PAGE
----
BAT Kenya has upscaled its efforts towards improving livelihoods and food security of its tobacco farmers in counties in Western Kenya by supplying them with subsistence crops.

The company says it has issued more than 15,500 avocado seedlings at affordable prices to more than 1,550 contracted farmers in Migori, Homa Bay, Bungoma and Busia counties.

BAT Kenya says it will also conduct survival monitoring of the avocado trees and connect the farmers with a ready market once they start harvesting the crop.

BAT Kenya and East & Southern Africa Head of Business Communication & Sustainability Mimi Mavuti says its farmer livelihood programme, THRIVE, pushes for diversification to sustainably enhance food production, soil health and income security.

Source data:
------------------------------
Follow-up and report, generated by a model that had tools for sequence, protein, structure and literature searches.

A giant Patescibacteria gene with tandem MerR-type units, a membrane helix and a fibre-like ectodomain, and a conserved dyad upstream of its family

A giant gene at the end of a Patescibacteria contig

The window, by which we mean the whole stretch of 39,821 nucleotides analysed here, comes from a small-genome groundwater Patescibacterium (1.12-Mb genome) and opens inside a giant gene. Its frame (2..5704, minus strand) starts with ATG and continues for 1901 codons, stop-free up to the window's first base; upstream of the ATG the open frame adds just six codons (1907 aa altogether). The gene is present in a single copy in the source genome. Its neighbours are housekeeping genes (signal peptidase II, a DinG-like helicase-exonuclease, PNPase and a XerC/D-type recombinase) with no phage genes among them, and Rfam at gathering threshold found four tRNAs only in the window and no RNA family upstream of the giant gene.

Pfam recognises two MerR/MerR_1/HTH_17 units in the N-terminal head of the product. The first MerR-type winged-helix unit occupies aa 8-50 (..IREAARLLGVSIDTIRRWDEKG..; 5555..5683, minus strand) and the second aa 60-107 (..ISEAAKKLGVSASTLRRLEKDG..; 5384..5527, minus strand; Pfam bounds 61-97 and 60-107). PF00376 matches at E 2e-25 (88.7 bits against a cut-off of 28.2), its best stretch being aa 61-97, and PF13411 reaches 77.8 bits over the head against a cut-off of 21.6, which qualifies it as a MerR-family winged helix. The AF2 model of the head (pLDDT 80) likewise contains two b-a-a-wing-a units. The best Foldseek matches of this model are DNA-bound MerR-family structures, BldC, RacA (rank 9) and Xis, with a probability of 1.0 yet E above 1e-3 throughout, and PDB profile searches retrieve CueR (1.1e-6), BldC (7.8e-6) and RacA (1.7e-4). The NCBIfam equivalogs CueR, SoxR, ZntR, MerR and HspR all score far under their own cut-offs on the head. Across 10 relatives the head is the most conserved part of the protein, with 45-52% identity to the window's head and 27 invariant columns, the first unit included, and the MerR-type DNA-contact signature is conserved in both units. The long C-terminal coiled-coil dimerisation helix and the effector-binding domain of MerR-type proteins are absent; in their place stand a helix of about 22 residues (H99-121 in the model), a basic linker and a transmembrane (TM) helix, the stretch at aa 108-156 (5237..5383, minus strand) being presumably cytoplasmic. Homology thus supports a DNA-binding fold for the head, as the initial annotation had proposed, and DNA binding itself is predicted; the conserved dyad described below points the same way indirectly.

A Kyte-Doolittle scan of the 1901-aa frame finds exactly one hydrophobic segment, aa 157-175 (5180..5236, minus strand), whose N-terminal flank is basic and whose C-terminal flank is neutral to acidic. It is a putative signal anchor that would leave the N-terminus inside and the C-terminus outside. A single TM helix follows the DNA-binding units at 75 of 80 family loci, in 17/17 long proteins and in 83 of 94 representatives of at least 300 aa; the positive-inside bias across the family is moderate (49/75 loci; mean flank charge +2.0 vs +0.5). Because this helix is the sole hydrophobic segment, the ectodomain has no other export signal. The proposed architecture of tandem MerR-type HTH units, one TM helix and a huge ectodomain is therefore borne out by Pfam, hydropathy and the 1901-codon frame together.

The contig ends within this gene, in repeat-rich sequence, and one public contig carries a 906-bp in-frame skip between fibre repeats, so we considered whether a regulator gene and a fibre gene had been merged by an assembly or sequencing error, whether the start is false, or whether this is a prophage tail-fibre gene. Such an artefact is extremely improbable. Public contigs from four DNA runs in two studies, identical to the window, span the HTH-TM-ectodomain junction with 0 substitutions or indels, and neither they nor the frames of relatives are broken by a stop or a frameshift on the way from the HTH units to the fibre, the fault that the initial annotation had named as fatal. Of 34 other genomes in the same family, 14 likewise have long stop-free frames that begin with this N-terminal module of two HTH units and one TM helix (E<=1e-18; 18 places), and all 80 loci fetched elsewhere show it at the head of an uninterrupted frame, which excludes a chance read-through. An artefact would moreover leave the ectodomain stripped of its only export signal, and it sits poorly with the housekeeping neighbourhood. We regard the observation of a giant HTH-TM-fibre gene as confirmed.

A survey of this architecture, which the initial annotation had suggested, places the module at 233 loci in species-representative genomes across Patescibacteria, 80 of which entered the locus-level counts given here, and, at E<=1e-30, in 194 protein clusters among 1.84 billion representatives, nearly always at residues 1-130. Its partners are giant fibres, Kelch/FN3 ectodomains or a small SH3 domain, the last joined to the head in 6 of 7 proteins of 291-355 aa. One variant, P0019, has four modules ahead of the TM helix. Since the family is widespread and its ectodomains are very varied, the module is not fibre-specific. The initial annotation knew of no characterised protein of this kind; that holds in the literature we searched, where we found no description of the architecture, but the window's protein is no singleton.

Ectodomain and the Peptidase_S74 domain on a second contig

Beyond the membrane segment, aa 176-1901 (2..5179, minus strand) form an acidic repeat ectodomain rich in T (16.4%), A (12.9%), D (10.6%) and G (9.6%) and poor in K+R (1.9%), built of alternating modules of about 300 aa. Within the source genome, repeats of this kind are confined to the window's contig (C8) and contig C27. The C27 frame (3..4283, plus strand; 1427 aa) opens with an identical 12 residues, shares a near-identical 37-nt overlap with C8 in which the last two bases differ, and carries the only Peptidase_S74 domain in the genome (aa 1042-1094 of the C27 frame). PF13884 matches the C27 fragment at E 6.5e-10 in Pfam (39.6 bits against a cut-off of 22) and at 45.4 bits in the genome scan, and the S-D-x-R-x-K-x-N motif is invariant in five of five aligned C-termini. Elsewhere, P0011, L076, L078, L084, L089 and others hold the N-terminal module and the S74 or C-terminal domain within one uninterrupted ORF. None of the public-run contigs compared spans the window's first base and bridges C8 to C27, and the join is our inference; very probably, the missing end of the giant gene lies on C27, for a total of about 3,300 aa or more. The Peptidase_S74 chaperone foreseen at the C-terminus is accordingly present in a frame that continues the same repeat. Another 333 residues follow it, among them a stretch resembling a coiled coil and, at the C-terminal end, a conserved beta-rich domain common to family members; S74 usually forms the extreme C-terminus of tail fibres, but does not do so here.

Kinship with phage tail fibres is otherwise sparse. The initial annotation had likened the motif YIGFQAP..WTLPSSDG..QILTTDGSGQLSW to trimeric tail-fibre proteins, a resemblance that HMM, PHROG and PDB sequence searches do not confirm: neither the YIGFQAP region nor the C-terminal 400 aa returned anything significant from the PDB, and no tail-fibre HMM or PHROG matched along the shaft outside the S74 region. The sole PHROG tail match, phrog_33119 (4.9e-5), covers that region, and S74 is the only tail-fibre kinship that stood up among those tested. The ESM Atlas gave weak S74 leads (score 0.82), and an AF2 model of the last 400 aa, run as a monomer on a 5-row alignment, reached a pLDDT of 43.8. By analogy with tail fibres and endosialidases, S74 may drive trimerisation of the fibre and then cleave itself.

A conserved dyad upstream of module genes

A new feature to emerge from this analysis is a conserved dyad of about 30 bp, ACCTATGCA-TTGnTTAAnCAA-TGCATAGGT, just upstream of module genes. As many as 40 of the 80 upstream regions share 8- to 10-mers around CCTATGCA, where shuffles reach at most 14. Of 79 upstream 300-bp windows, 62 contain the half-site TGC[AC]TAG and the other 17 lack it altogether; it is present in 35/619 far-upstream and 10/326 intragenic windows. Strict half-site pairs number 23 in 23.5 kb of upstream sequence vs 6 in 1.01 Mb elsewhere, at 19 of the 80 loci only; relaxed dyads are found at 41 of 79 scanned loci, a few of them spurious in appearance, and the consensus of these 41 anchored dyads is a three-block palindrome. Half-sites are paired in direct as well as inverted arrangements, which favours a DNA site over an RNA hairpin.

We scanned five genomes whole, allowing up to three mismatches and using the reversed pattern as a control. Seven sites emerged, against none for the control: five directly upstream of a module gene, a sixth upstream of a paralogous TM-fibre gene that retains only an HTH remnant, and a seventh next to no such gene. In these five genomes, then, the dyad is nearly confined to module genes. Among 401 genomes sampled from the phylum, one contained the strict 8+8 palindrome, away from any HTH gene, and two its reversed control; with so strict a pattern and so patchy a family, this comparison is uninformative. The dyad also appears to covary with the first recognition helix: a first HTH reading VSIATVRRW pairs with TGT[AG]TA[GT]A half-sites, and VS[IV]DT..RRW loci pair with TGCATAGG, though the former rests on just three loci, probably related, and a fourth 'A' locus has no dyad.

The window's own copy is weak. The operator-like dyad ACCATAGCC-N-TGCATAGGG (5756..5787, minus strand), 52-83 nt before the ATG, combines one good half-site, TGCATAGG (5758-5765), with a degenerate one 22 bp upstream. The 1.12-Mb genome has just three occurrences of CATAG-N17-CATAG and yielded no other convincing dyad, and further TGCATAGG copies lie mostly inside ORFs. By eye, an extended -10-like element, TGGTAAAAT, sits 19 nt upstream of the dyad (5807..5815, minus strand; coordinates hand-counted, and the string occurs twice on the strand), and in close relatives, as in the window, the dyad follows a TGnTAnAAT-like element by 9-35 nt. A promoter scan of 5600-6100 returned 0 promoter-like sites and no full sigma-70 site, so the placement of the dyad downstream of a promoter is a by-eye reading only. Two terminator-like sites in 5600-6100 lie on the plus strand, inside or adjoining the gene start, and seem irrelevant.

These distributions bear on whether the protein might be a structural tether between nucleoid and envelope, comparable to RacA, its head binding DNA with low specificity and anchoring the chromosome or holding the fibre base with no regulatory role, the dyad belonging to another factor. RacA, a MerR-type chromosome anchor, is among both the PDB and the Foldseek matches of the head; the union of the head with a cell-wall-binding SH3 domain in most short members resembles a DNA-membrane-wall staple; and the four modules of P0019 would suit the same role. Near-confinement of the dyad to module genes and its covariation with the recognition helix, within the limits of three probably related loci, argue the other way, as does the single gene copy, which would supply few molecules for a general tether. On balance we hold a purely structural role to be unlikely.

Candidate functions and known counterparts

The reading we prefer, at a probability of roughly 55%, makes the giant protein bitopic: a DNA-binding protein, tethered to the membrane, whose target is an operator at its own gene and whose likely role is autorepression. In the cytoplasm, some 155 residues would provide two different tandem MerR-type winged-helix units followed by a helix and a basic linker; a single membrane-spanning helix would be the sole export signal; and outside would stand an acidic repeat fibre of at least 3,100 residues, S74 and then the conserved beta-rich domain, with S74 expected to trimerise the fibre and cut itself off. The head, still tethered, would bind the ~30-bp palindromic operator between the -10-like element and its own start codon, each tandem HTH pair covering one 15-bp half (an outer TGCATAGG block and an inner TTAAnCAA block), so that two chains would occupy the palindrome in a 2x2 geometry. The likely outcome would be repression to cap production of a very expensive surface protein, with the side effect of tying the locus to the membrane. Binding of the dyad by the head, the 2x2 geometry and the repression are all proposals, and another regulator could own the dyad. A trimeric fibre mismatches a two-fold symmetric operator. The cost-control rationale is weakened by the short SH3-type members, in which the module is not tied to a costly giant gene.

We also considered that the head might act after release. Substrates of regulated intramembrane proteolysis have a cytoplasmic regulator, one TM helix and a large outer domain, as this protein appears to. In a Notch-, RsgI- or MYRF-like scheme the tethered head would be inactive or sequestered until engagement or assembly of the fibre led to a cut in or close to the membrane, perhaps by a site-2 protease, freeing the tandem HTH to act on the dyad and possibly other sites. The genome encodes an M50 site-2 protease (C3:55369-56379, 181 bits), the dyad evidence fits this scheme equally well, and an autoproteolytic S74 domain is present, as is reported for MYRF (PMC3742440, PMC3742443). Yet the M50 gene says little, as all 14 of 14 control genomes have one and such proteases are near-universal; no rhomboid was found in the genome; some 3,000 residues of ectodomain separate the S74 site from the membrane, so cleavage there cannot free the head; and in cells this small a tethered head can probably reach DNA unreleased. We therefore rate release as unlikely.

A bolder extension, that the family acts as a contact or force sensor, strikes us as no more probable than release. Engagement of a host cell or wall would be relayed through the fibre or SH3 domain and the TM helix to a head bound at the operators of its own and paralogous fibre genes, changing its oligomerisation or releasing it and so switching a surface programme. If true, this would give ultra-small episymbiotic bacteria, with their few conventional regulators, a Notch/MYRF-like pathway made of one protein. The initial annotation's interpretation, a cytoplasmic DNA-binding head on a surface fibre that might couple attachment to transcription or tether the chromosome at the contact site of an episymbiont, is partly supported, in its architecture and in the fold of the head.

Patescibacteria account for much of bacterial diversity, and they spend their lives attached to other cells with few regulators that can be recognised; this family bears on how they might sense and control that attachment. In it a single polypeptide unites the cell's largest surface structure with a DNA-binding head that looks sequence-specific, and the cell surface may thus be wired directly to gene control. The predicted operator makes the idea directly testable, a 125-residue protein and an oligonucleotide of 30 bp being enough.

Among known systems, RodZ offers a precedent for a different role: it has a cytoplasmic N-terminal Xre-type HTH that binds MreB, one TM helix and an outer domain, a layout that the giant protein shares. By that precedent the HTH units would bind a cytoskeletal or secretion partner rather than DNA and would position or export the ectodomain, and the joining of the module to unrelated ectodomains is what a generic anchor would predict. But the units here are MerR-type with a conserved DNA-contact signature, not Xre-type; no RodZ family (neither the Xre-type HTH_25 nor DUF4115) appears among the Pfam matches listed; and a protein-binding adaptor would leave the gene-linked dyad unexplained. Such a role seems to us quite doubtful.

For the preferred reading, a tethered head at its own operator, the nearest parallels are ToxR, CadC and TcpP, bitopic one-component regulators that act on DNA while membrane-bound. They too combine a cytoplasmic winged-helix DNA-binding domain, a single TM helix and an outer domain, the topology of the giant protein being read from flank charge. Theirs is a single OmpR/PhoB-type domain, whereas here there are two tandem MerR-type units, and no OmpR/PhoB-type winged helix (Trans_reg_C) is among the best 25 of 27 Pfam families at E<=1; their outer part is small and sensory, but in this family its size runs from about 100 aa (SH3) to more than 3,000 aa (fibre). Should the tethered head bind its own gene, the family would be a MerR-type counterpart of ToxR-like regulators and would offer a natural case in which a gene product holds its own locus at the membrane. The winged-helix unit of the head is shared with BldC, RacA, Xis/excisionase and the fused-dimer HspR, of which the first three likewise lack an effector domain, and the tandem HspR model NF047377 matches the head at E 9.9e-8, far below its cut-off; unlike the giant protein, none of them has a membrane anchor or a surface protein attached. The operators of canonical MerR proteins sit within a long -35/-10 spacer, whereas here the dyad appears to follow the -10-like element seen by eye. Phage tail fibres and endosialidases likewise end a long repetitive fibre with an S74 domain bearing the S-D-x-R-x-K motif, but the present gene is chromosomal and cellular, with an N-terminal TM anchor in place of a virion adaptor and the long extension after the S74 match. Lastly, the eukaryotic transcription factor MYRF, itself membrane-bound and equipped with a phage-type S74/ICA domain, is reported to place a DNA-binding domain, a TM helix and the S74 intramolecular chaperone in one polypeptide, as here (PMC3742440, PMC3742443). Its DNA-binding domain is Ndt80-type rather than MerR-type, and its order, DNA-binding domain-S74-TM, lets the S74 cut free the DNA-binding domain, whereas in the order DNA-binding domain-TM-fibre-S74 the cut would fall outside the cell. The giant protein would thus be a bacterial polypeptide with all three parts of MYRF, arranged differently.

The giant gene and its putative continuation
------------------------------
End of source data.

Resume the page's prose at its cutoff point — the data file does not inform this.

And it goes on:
“We believe that crop diversification can help mitigate agricultural economic risk by reducing farmers’ dependency on tobacco as a single source of income. This is especially important on the back of climate change impacts,” said Mavuti.

He added, “Further, given that the tobacco crop is in the ground for only six months in a year, the subsistence crops enable farmers to drive food security and earn extra income from the sale of surplus harvest, as well as improve soil health.”

BAT Kenya has also pledged to provide its farmers with technical support and capacity building on sustainable agricultural practices to ensure the programme is sustainable.

The firm also indicated that it facilitates crop insurance for the tobacco crop for its farmers to mitigate impacts of severe weather and natural disasters occasioned by climate change.